The battle over ethanol continues to rage as the Environmental Protection Agency prepares to release the 2014 renewable-fuel standard, a mandate determining the amount of biofuel refiners will be required to blend with gasoline next year.
Both supporters and opponents of the biofuels mandate have been making their cases before the public and the administration for months. Now, however, lawmakers are increasingly adding their voices to the conversation in an attempt to wrest power away from the agency and back to Congress.
Last Thursday, Reps. Bob Goodlatte, R-Va., Jim Costa, D-Calif., Peter Welch, D-Vt., and Steve Womack, R-Ark., sent a letter signed by a bipartisan group of 165 additional lawmakers from the House to EPA Administrator Gina McCarthy asking for reduced requirements for corn ethanol next year.
The letter argues that the renewable-fuels standard raises corn prices and could damage car engines when the E10 blendwall — the point at which gasoline blends exceed 10 percent ethanol — is reached.
The letter defers to the EPA’s authority to carry out the recommendation. But in an interview with National Journal Daily, Welch emphasized that while he and other lawmakers want EPA to revise the mandate downward, RFS reform is an issue that should ultimately be decided by Congress.
“We want the EPA to use its authority given to it by Congress in the short-term to make a practical decision to keep the mandate from increasing,” Welch said. “But the entire ethanol mandate should be reconsidered by Congress. We want immediate action from the agency, but we’re going to continue to work in Congress to achieve broader reform.”
In April, Goodlatte, Welch, Costa, and Womack introduced a bill to amend the renewable-fuels standard by limiting the amount of ethanol that refiners would be required to blend with gasoline and cutting out the conventional biofuels mandate altogether.
The bill has not yet been reported out of the House Energy and Commerce Committee, however, and faced with congressional inaction the lawmakers are seeking to influence EPA.
On the other side of the Capitol, Sens. Dianne Feinstein, D-Calif., and Tom Coburn, R-Okla., are also vying to amend the RFS through legislation.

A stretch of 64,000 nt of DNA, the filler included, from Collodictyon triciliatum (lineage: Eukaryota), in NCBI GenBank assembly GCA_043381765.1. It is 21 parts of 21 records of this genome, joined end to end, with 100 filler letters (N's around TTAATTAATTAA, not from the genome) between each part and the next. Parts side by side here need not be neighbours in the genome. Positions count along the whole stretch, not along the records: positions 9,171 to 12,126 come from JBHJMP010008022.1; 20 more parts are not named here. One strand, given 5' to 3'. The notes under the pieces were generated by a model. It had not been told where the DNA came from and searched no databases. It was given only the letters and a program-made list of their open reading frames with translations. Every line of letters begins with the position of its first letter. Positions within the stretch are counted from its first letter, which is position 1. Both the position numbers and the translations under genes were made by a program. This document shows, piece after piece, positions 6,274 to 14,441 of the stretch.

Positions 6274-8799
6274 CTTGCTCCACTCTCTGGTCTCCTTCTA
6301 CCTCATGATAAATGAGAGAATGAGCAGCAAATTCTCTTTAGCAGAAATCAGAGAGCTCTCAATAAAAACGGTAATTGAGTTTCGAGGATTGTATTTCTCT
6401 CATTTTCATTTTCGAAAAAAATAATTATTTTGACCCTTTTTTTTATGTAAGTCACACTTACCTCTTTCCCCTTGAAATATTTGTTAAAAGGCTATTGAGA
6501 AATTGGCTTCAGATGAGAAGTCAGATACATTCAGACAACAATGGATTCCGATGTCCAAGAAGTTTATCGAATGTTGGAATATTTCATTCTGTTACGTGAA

Aides for both senators confirmed the two are working together to draft legislation to eliminate the corn-ethanol mandate from the RFS. The aides did not comment as to a possible release date, but a draft could surface sometime this week.
At least one representative from the biofuels industry expressed concern over the possibility of legislative tinkering with the standard.
“I’m disappointed that so many members of Congress would be uninformed and encourage the administration to reduce the RFS in this way, which really would be a retreat of the RFS which calls for increasing volumes of biofuels to be blended with gasoline,” said Brian Jennings, executive vice president of the American Coalition for Ethanol, a group based in South Dakota. “We have a lot of confidence so far in how EPA has handled the administration of the RFS and we continue to believe that the place where the RFS can and should be adjusted is at the EPA.”
EPA is required by law to publish next year’s RFS this month, with the American Petroleum Institute, the largest trade association for the oil and gas industry, threatening to sue the agency if it does not finalize the 2014 standard by Nov. 30.
What We're Following See More »
President Obama became a surprise topic of contention toward the end of the Democratic debate, as Hillary Clinton reminded viewers that Sanders had challenged the progressive bona fides of President Obama in 2011 and suggested that someone might challenge him from the left. “The kind of criticism that we’ve heard from Senator Sanders about our president I expect from Republicans, I do not expect from someone running for the Democratic nomination to succeed President Obama,” she said. “Madame Secretary, that is a low blow,” replied Sanders, before getting in another dig during his closing statement: “One of us ran against Barack Obama. I was not that candidate.”
It’s all about the 1% and Wall Street versus everyone else for Bernie Sanders—even when he’s talking about race relations. Like Hillary Clinton, he needs to appeal to African-American and Hispanic voters in coming states, but he insists on doing so through his lens of class warfare. When he got a question from the moderators about the plight of black America, he noted that during the great recession, African Americans “lost half their wealth,” and “instead of tax breaks for billionaires,” a Sanders presidency would deliver jobs for kids. On the very next question, he downplayed the role of race in inequality, saying, “It’s a racial issue, but it’s also a general economic issue.”
It’s been said in just about every news story since New Hampshire: the primaries are headed to states where Hillary Clinton will do well among minority voters. Leaving nothing to chance, she underscored that point in her opening statement in the Milwaukee debate tonight, saying more needs to be done to help “African Americans who face discrimination in the job market” and immigrant families. She also made an explicit reference to “equal pay for women’s work.” Those boxes she’s checking are no coincidence: if she wins women, blacks and Hispanics, she wins the nomination.
Under pressure from a judge, the State Department will release about 550 of Hillary Clinton’s emails—“roughly 14 percent of the 3,700 remaining Clinton emails—on Saturday, in the middle of the Presidents Day holiday weekend.” All of the emails were supposed to have been released last month. Related: State subpoenaed the Clinton Foundation last year, which brings the total number of current Clinton investigations to four, says the Daily Caller.